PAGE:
Save Resources and Get Organised – Preparation is Priceless!
By Jo Dance
These days so many of us are attempting to juggle too many things – an almost impossible dance we find ourselves in through no fault of our own. As a working mum of a very spirited 7-year-old, I can often lapse into feeling overwhelmed, constantly trying to keep all my balls in the air whilst knowing the importance of getting my own self-care. One way I help myself is by being fairly organised, (where and when possible that is). This involves doing lots of preparation and planning ahead, especially when it comes to our food.
So I’d like to share with you some of the things that help me save a little of my precious resources.
As a migraine sufferer, I am super sensitive to many things, so preparation is key. Dehydration and drops in blood sugar are some on the top of my list so I always have a little packet of nuts in my handbag in case I’m caught out. I drive locally quite a lot due to necessity and a flask of tea is my constant companion. My time in the car, whilst waiting for kids or stuck in a traffic jam, is an opportunity to get my fluids in.
Travel Mugs and Food Flasks
This leads me on to a bit of an obscure geeky obsession of mine, travel mugs!
For me, they have to keep the liquid hot for more than just an hour or two. I find screw lids totally impractical and much prefer a sipper, as I’m on the go a lot. Finally, they need to be able to be kept in my bag without spilling, and unfortunately, these are hard to come by in the UK.
My best discovery was an American brand called Bubba that I happened to stumble across many years ago. I still have the mug and it’s going strong, the only thing that needed replacing was the plastic seal lining on the lid. They are double wall insulated so your liquid stays hot for ages, and like most things worth the investment, they last for yonks, (no I don’t work for Bubba, honestly. If you don’t live in America it is possible to find them online, you might just have to shop around a bit).
That brings me nicely on to food flasks and a decent one isn’t that hard to find. Stainless steel is ideal, and I’ve actually had some success in supermarket versions. Surprisingly these have often turned out to be as good as a thermos or other named brand.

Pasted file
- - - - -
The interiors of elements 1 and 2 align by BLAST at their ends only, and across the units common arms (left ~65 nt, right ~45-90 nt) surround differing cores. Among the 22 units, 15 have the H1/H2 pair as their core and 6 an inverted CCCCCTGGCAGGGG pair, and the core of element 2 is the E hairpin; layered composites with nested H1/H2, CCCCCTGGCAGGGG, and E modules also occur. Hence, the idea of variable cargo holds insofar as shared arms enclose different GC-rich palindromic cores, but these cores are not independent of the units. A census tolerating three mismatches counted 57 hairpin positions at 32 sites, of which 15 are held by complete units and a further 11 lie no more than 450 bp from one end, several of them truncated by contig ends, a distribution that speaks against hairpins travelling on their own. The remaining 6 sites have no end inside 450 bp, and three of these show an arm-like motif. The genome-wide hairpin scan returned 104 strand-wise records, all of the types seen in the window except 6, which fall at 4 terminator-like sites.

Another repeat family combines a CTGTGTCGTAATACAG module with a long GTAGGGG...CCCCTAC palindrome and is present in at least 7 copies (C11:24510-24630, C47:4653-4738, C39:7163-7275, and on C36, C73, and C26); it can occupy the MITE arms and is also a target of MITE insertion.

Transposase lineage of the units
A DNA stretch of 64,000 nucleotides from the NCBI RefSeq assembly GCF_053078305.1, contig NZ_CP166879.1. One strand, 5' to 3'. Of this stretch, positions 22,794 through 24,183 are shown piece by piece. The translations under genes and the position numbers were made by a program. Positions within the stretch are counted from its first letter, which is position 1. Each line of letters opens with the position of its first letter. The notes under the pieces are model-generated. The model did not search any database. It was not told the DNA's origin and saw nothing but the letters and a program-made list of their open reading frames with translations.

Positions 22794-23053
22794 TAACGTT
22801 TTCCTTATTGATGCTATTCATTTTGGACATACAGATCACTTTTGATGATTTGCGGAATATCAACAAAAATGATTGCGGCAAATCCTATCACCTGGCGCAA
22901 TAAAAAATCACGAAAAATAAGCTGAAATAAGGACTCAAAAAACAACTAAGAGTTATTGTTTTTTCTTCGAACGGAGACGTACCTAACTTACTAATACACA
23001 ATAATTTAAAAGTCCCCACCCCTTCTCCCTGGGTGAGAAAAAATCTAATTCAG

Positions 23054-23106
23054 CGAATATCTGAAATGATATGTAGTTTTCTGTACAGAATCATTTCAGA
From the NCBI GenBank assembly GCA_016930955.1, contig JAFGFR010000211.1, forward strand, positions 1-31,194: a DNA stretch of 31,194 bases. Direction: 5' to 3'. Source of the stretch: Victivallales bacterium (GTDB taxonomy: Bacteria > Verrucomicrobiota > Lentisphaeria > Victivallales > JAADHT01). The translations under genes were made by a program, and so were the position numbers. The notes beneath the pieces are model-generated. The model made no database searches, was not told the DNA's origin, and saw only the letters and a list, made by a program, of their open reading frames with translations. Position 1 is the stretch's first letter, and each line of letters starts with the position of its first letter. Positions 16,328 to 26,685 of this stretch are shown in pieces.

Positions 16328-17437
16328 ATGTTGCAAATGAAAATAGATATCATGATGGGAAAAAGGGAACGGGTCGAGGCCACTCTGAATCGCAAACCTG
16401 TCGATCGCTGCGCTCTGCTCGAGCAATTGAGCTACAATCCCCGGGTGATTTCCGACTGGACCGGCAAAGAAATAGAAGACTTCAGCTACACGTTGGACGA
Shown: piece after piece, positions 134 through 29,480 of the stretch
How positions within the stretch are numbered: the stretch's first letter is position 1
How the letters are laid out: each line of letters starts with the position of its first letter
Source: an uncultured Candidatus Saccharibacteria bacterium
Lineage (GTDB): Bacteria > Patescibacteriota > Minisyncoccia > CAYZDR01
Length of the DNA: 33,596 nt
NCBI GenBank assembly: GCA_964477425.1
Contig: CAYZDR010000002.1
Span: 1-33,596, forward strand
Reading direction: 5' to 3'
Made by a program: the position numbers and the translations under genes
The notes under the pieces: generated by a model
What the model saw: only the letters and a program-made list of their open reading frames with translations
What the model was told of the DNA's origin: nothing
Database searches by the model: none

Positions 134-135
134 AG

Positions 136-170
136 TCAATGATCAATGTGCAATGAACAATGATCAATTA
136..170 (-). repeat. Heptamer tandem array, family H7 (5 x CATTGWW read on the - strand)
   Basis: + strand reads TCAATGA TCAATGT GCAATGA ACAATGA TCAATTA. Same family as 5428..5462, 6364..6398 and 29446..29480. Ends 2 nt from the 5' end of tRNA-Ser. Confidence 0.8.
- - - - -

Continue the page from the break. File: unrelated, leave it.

One tip I picked up a while ago was a real gem for me. Before putting your food in pre-heat the flask with some boiling water. Pop the lid on and leave for at least five minutes, this really does make a difference to how long it stays hot for.
I often fill mine with leftovers such as veg, a protein like tempeh, beans or fish and sometimes a little grain such as quinoa or organic short grain brown rice. I usually chuck it all in my steamer to heat it up, add in some seasoning like tamari or tahini, and there’s a super quick meal to go.
For steamed food (as opposed to soups) that you won’t be eating within the first hour or so, I recommend under cooking it a little, as the food will continue to cook in the flask.
The ones we get are called ‘Wrap-n-Mat’. I think several different ones go by this name, though I’m sure other brands are available. These are great for saving unnecessary tin foil or cling film. The former I use as little as possible then take it to the metal recycling, and the latter I have given up.
We find it increasingly hard to eat out these days. Unfortunately, not many places offer decent gluten-free, low-ish carb food that is also fairly high in good quality healthy protein. Another reason for making your own food and taking your trusty food flask!